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Blog Post | February 23, 2023

DOJ IN THE NEWS: Mid-February Trends

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Mid-February Trends

This piece marks the start of a new biweekly blog series from RDP. Every two weeks, we’ll call out ongoing trends in media coverage of the Justice Department’s focus and priorities, giving context from our past DOJ oversight work as needed, with an eye to the impact of DOJ capacity and resources, as well as alignment with the Biden administration’s professed goals.

  1. DOJ’s Jail & Prison Oversight

The Justice Department’s power to oversee local jails around the country has made news in recent weeks, with four Democratic senators calling out the Department’s failure to meaningfully address abuses in Los Angeles jails, despite an investigatory process that began in 1996

DOJ’s oversight power was made explicit in the Civil Rights of Institutionalized Persons Act in 1980, part of a response to the prisoners’ rights movement of the 1960s and 70s. While the DOJ’s Special Litigation Section currently has over 40 pending investigations of correctional facilities in various states, advocates are concerned that change is not coming fast enough.  Incarcerated people face crumbling facilities, increasing populations, and abuse from correctional staff. In the case of LA jails, specifically, the ACLU has brought a lawsuit detailing reports of “mentally ill detainees — most of whom had not been convicted of a crime — chained to chairs for days at a time and alleged that they were routinely denied basic necessities such as clean water and working toilets.” Similar complaints and suits exist in many other states, including West Virginia, Texas, and Washington, in recent news stories

  1. Federal Bureau of Prisons Scandals

As we’ve written about previously, there have been numerous scandals involving the federal Bureau of Prisons (BOP) in recent years. A November 2021 AP investigation called the BOP a “hotbed of abuse, graft and corruption,” based on findings of prison staff convicted of murder, sexual assault of incarcerated people, theft, and drugs and weapons smuggling. Further, despite Biden’s campaign promises to reduce the use of solitary confinement in federal prisons, rates have only increased since he took office. An ongoing FOIA lawsuit seeks data about deaths of incarcerated people in custody and indications of denial of proper medical care. Even former BOP employees are publishing op-eds about the dire need for changes in the Bureau. Just last week, BOP announced it is closing the Thompson federal penitentiary in Illinois after recurring reports of “inmate deaths, suicides and the reported sexual harassment of guards.”

Some changes have come to the Bureau in the past year. Trump-era Bureau director, Michael Carvajal—whose refusal to implement the bipartisan First Step Act, aimed at reducing recidivism, we highlighted previously—stepped down in January 2022, replaced by Colette S. Peters. While Peters, who spent ten years as the head of Oregon’s state corrections department, has worked to stake out a reputation as a reformer, critics have pointed out that the Oregon prison system perpetuates many of the same issues, including harassment and sexual assault, as the federal BOP. In December 2022, President Biden signed a bill to update and improve BOP camera systems—theoretically, to increase the chances of capturing staff wrongdoing and other issues—but this measure doesn’t go nearly far enough. Progressive advocates have called for policies that would “incentivize states to reduce their prison populations”; strengthen accountability measures for police and correctional facility employees; and “advance sentencing reform to reduce the federal prison population”, among other structural changes, as we’ll explore further in future work.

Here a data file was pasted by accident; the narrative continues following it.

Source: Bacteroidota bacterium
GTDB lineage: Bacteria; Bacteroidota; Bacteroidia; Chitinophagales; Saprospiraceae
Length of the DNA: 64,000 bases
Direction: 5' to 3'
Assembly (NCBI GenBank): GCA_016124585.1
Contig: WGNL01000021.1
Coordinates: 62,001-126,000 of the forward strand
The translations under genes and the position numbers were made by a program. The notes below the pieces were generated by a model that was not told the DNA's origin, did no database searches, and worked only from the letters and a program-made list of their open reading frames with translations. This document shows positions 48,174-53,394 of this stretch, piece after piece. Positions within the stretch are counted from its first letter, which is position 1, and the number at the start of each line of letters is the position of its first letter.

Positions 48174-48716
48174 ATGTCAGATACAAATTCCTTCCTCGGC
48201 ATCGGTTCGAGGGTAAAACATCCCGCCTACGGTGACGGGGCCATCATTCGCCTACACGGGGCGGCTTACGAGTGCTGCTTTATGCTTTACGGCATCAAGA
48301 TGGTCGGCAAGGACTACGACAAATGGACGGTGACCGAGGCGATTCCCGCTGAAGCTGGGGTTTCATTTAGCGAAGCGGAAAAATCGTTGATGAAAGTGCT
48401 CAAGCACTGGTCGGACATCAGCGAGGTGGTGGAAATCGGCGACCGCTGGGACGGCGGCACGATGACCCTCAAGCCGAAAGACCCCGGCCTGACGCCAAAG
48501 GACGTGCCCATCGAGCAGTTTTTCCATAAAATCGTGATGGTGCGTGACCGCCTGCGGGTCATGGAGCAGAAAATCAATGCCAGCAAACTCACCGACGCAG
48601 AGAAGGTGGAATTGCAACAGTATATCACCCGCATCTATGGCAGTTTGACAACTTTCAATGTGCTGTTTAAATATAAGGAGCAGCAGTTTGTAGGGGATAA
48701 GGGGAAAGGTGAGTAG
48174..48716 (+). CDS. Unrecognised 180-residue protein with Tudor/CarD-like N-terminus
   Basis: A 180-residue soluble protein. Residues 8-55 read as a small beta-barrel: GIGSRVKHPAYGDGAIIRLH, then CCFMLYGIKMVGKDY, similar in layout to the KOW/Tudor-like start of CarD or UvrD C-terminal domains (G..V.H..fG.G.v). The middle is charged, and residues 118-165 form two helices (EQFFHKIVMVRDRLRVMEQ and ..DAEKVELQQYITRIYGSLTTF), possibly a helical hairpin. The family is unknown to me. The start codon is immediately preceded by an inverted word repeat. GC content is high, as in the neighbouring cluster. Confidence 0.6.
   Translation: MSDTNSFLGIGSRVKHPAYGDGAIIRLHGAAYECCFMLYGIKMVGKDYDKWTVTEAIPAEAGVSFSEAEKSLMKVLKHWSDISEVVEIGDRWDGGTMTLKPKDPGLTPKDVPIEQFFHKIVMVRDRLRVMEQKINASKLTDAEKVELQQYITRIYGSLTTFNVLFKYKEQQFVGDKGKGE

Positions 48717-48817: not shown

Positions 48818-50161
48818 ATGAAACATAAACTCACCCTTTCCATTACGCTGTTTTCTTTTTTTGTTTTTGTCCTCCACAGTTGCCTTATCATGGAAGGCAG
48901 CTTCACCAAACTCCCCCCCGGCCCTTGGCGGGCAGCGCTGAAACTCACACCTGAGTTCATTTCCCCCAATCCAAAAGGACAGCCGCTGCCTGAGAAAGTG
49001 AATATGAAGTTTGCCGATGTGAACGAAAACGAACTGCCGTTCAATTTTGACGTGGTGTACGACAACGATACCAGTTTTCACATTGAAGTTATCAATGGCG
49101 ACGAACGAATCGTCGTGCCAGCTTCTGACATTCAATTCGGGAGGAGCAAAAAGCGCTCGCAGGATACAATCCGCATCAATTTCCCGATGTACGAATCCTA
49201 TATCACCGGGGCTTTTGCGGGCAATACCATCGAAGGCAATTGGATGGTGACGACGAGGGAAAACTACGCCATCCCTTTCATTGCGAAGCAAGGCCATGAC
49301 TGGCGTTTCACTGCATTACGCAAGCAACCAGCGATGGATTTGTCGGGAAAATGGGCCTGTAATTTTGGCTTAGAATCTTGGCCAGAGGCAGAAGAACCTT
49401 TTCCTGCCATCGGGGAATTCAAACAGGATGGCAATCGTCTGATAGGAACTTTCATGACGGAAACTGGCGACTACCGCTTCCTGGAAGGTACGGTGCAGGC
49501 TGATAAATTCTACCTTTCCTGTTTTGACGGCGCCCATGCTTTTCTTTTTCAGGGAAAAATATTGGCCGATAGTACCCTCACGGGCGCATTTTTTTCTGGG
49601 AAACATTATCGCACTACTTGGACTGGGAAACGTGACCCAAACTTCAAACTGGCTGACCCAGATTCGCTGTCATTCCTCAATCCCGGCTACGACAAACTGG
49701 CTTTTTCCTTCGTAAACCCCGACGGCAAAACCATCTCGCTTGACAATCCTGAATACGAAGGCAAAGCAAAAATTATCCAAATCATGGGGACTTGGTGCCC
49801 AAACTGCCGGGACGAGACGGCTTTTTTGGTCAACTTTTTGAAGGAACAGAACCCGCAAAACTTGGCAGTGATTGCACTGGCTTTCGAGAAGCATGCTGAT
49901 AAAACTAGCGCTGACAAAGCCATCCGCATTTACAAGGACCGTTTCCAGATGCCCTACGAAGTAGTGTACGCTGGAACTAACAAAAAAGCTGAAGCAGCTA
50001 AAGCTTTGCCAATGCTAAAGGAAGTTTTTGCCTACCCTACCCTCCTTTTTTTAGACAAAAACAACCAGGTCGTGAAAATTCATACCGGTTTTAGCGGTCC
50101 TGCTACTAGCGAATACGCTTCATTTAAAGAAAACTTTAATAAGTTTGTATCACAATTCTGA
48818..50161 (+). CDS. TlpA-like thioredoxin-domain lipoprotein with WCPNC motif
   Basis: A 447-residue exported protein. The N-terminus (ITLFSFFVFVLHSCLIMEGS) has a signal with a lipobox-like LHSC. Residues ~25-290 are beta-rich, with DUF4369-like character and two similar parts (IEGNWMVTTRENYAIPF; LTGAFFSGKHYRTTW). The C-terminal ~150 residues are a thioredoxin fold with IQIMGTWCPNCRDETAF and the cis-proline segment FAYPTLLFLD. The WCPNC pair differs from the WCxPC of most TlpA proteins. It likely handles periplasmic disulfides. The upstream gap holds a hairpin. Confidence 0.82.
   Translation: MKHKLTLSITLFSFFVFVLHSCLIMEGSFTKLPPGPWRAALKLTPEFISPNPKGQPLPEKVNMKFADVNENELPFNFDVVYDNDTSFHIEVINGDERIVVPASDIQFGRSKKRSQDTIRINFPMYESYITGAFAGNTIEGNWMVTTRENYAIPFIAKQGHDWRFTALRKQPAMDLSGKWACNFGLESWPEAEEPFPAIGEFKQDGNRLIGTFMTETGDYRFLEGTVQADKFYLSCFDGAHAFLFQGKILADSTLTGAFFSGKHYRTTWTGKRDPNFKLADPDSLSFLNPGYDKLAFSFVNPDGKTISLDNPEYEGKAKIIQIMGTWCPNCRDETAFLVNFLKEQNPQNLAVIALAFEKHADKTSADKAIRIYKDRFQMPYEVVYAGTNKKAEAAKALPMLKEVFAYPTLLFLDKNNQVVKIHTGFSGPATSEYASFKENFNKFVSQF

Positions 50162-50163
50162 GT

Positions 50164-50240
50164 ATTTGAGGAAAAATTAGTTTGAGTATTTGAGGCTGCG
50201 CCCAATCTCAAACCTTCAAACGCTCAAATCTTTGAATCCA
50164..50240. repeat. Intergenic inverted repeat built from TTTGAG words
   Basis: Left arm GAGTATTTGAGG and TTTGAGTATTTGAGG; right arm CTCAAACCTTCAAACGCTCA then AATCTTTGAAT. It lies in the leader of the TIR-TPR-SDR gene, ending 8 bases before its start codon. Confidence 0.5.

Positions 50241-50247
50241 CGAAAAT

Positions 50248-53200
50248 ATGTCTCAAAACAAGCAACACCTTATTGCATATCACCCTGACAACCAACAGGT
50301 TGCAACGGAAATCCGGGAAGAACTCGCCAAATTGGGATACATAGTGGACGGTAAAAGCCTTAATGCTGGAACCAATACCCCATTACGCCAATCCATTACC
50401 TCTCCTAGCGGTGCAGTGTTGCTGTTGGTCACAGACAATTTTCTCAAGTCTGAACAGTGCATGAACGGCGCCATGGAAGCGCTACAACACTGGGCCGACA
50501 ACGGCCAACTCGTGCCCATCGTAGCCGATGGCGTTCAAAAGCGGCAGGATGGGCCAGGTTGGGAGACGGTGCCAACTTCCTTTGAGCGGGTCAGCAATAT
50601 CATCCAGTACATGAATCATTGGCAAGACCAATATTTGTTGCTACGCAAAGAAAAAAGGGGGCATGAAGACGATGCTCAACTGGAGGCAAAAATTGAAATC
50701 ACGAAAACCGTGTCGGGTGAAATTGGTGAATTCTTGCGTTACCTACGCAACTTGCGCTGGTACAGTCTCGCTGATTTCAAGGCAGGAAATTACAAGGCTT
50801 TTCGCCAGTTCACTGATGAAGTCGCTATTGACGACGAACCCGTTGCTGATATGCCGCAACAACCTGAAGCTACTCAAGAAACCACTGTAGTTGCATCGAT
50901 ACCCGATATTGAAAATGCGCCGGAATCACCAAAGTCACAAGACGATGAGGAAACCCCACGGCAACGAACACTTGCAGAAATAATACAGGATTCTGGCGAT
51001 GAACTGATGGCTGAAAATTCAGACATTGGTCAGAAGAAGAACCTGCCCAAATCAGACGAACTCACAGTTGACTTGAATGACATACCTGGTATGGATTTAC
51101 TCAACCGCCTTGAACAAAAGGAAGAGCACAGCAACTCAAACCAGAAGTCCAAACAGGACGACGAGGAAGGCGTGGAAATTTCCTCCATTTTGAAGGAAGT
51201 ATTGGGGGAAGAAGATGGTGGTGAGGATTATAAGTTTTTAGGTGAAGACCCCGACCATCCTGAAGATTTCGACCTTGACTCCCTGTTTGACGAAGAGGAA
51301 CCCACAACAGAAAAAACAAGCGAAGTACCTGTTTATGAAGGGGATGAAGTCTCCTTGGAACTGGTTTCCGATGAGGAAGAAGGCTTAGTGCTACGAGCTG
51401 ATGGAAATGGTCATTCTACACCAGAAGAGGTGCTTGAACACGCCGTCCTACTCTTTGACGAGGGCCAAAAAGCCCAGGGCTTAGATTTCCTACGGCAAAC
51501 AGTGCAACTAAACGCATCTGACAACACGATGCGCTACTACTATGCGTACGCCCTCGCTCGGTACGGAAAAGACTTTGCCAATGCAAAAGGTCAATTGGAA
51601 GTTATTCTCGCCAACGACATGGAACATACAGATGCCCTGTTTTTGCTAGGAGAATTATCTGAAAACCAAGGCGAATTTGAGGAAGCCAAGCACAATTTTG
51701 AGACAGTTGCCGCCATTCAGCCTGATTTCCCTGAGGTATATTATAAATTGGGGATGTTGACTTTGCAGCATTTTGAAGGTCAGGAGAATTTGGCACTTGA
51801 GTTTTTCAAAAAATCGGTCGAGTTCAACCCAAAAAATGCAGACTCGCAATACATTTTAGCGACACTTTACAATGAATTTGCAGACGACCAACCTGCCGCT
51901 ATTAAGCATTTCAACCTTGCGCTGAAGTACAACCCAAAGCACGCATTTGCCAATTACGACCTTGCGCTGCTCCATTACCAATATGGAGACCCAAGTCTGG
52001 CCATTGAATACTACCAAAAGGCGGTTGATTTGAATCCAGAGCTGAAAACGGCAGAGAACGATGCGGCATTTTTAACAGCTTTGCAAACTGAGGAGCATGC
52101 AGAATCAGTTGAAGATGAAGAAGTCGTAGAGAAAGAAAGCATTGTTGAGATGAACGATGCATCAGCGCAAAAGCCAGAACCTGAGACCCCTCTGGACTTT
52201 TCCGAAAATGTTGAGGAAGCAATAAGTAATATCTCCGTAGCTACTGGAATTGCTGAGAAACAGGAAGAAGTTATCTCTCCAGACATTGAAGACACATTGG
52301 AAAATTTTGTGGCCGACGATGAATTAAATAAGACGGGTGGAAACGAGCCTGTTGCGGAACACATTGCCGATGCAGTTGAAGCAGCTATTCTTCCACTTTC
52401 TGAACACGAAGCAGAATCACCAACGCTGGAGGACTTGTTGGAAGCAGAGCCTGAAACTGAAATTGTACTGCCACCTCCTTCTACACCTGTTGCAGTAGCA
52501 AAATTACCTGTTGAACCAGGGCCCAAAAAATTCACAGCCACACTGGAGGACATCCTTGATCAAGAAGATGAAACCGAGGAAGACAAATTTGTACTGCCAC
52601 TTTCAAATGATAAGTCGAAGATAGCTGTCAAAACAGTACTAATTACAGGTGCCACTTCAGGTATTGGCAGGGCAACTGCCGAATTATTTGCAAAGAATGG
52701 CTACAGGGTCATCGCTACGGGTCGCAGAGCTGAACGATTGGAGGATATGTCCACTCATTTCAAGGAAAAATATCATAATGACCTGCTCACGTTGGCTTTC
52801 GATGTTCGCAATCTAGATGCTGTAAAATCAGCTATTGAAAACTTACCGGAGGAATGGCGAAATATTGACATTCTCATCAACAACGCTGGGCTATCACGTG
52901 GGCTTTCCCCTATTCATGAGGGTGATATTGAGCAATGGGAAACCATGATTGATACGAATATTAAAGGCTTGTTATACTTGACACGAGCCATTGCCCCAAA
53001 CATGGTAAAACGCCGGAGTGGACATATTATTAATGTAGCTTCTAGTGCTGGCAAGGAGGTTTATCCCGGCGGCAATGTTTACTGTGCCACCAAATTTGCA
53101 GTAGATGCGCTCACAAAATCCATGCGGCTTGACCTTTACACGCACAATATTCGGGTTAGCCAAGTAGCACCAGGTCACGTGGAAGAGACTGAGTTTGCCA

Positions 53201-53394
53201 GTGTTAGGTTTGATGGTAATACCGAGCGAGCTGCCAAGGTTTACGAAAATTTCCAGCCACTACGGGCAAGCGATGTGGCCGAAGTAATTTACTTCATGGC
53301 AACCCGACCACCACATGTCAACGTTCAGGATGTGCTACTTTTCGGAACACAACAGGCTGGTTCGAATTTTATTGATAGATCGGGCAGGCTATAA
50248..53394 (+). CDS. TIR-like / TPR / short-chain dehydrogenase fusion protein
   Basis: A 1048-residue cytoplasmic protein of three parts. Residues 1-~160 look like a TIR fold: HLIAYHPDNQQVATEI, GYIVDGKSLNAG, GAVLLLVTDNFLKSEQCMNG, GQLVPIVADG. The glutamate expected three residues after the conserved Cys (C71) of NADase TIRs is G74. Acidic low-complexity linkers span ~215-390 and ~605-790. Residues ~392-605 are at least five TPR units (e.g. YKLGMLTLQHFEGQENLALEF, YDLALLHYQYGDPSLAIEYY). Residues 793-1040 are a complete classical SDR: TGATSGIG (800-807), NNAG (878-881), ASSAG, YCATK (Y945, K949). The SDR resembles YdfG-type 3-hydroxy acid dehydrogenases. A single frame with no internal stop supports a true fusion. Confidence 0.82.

There are foundational issues at play if the Department of Justice, charged with enforcing and upholding US law, cannot even control violence and law-breaking by its own staff. Further, structural issues and harm across BOP facilities raises questions about the DOJ’s ability to adequately oversee local jails and prisons. After all, how can an agency with such corruption and effectiveness issues in its own ranks be dealing useful, practical advice and direction to local facilities? And while the Justice Department is overseeing local jails and prisons, who is overseeing the DOJ’s Bureau of Prisons? 

Addressing mistreatment and harm of incarcerated people in federal prisons and in local facilities should be a top priority for Biden’s DOJ. While new legislation would be welcome, Biden’s team can make the world materially more just with the powers currently on hand. We plan to explore needed changes in this arena in more depth in the coming months. 

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